I will continue to parent my son in a way that not only teaches him to believe and support women, but do the work in the spaces he inhabits — to speak out when it is "uncomfortable" or "uncool."

Men must do better. They cannot wait in the wings, emerging to make their disappointment a talking point only after women have risked their careers, their mental health, and sometimes their safety in order to seek the justice they so rightfully deserve. Men must be proactive in the spaces they hold, especially in the workplace where an estimated one in three have been sexually harassed. And as a mother of a son, who will most likely grow up to be a man sharing public and private spaces with women, it is my responsibility to provide him with concrete examples of what to do, and what not to do, when he witnesses, hears about, or is a victim of sexual assault. The men of Hollywood have failed me in providing my son with those examples. The women have not.

So I will continue to parent my son in a way that not only teaches him to believe and support women, but do the work in the spaces he inhabits — to speak out when it is "uncomfortable" or "uncool." To that end, I will never hold up men like Mark Ruffalo as a role model, even though he tweeted Sunday, "To be clear what Harvey Weinstein did was a disgusting abuse of power and horrible." Yes, Ruffalo is correct and men shouldn't be silent now, but make no mistake: they shouldn't have been silent then, either. And while it's great to have a sea of male voices condemning Weinstein's actions, celebrating men for being decent human beings does a disservice to us all. Saying a bad thing is bad is no more powerful than saying the sky is blue: they are empty words. When action is absent, words of condemnation do nothing.

Instead, I will ask my son to listen to stories like Gwyneth Paltrow's, who told The New York Times in an interview that she was sexually harassed by the man who helped ignite her career. "I was a kid, I was signed up, I was petrified,” she told Times reporter Jodi Kantor.

Courtesy of Danielle Campoamor

I will encourage him to imagine what it must be like, at 22 years old and facing a man in a position of overwhelming power. Then I will remind him that these women — these victims — were not "asking for it" or "dressing for trouble," and that their silence is not a reflection of their honesty, but of the rape culture men perpetuate, and protect, with their deafening silence.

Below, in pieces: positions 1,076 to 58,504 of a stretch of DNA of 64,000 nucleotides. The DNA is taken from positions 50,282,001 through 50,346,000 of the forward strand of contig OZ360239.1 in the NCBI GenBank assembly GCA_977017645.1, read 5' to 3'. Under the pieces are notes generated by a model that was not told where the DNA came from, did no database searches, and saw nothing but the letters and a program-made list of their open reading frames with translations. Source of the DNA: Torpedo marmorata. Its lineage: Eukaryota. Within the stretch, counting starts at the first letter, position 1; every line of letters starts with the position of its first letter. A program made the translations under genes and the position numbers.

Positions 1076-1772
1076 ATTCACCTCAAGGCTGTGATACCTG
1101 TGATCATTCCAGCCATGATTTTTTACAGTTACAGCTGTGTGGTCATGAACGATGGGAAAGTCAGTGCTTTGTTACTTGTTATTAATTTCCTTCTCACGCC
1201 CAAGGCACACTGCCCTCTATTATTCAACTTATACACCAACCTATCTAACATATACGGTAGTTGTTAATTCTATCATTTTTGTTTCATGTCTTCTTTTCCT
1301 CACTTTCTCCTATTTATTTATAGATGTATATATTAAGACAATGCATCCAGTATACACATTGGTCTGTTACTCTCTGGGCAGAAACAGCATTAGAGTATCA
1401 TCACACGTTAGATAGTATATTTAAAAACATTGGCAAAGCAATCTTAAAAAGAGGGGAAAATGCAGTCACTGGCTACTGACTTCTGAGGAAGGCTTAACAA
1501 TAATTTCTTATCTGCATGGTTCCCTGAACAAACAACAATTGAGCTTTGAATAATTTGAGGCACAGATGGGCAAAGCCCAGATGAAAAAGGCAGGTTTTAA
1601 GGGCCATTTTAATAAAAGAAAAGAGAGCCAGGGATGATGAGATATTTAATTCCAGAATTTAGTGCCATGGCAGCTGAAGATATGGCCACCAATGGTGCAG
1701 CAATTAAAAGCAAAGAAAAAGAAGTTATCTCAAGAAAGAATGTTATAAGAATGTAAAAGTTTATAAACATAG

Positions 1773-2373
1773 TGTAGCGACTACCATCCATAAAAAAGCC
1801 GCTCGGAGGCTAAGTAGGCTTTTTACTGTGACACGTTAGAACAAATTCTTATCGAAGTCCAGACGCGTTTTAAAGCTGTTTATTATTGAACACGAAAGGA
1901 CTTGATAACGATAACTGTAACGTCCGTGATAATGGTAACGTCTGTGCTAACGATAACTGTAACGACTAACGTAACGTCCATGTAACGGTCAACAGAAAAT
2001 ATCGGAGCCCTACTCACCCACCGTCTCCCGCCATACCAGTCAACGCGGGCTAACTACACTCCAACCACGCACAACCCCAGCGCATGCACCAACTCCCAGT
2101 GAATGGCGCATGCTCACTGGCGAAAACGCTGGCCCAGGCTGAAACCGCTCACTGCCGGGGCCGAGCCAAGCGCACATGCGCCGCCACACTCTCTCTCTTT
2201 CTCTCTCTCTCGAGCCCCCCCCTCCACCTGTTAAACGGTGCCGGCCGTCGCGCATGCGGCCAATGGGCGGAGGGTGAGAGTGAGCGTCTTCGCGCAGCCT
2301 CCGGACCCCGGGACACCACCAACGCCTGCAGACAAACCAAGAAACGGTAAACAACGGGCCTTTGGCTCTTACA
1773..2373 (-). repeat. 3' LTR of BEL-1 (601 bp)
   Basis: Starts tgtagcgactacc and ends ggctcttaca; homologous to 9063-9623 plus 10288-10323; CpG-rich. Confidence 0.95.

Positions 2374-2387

I will remind my still blissfully unaware son that, according to the University of Michigan's Sexual Assault Prevention and Awareness Center (SAPAC), the idea that sexual assault victims would have fought back or said something during and/or immediately after an attack is, at best, a common misconception that needs to be wildly debunked:

"Many people have heard of the fight or flight response as the typical responses to danger, but it is actually fight, flight, or freeze. The freeze response is a documented neurobiological condition also referred to as tonic immobility. Tonic immobility is an autonomic mammalian response that happens in extremely fearful situations; it is uncontrollable and not something a person decides to do. Research shows that around 50 percent of survivors experience tonic immobility during an assault. This does not mean the sex is consensual."

And then I will point to the 13 brave women who came forward, publicly, and shared their stories in a now-successful attempt to unearth a well-known Hollywood secret that the men around them allowed to lay dormant. I will highlight the women who've done the work, risked it all, and received a barrage of scrutiny as a result, and demand that my son do the work, too. It is not enough to wait until it's "safe" for men to speak out against the very harassment that allows them to hold positions of power over women.

It's simply not enough.